There’s a lot more to the Monsanto Company than meets the eye: aside from its line of toxic herbicides and genetically engineered seeds, they’ve also been involved in everything from the production of Agent Orange during the Vietnam War to cancer-causing PCBs.
While the company continually states that its purpose is to “feed the world” by creating GMOs and chemicals (an assertion the United Nations has repeatedly disagreed with), it is still heavily involved in our food supply from seed to harvest.
And now, thanks to a new partnership with a “cutting edge” startup out of California, Monsanto could soon be flooding the market with more GMOs (including one of the world’s favorite fruits) than ever before.
And as usual, absolutely nothing will be labeled, meaning it will be up to the consumer to figure out which foods are GMO and which aren’t on their own time.
Monsanto to Flood the Market with “Longer-Lasting” New GMOs
Monsanto’s new project will focus specifically on “longer-lasting” new GMO foods in an effort to combat food waste.
According to its press release, Monsanto is investing $125 million in gene editing technology through a new partnership with Pairwise Plants, a California agricultural startup that will help Monsanto to create gene edited corn, soybeans, cotton and canola crops.
This new technology is said to be the next big thing in the GMO industry.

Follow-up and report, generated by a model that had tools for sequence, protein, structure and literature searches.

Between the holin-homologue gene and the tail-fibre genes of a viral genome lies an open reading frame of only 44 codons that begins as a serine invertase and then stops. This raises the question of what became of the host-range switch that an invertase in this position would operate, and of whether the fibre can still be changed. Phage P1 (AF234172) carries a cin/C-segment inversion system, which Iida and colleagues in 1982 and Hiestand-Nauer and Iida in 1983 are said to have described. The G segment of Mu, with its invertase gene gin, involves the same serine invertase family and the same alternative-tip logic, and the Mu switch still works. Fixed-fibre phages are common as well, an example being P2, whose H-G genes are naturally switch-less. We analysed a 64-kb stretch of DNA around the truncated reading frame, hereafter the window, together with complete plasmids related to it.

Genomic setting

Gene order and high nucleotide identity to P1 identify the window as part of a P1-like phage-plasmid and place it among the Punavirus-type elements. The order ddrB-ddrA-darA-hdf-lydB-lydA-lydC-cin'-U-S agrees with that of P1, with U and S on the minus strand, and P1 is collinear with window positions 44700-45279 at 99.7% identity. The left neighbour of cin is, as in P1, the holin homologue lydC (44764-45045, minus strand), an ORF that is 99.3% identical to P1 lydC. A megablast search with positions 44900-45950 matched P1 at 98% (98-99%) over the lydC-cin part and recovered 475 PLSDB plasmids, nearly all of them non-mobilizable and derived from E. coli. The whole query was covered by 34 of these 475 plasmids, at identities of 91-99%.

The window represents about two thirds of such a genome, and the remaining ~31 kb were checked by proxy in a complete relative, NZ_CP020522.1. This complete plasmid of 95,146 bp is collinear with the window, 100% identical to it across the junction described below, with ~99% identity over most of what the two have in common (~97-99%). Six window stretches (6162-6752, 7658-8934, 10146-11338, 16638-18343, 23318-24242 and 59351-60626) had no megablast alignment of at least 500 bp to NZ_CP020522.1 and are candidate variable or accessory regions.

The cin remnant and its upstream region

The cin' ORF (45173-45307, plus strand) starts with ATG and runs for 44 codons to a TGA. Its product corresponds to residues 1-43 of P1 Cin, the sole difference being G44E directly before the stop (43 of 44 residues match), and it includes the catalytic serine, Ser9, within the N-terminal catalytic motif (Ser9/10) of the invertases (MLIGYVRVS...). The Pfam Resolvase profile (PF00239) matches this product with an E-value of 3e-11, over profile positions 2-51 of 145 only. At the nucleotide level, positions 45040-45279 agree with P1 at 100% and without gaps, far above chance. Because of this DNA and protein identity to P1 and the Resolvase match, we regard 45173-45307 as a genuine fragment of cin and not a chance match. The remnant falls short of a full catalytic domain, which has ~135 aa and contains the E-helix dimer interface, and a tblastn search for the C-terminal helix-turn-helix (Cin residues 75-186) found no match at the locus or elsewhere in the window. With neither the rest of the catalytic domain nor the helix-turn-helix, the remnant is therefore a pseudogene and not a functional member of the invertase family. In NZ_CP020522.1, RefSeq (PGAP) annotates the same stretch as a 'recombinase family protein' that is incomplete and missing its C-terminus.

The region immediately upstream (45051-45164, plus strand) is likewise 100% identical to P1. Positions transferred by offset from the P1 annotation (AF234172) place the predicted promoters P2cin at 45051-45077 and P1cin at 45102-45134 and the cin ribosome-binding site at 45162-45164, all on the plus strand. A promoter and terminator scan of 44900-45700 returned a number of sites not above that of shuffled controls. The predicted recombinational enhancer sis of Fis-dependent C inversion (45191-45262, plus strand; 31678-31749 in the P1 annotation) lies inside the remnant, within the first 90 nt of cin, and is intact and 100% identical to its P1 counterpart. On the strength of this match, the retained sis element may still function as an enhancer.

It allows scientists to play God with our food supply by altering foods even quicker in a laboratory setting, bestowing upon them new traits like the inability to show signs of rotting or wasting.
Among new varieties of GMO crops, Pairwise is also expected to work with Monsanto on a new GMO wheat, as well as GMO fruits including the potential to create GMO strawberries.
“My co-founders and I believe the technologies we have each been developing can have a profound impact in plant agriculture and will speed innovation that is badly needed to feed a growing population amid challenging conditions created by a changing climate,” said Pairwise founder J. Keith Joung about the new arrangement.
What This Means for the Future of Monsanto
With the recent European approval of its merger with Bayer set, Monsanto is now upping the ante like never before.
It’s becoming more clear than ever that their vision for the Future of Food is exactly what we thought it was — one filled with Frankenfood experiments, crops doused in cancer-linked chemicals and an increasingly dominant level of control over the food system.
The alleged goal of this new pairing is to create foods that will “last longer” on store shelves, but what good is longer-lasting food if the health consequences are unknown due to a lack of long-term testing, and the creation of new foods that are inherently foreign to the body?
Already one Columbia University study has shown that this type of gene editing can create “hundreds of unintended mutations” within the target organism. It’s not known whether this extends to gene edited foods, but now the question is, “Do you want to be the guinea pig?”
Monsanto is hoping that the answer to that question is a resounding “Yes,” as it has been for so much of the unsuspecting general public over these past few decades.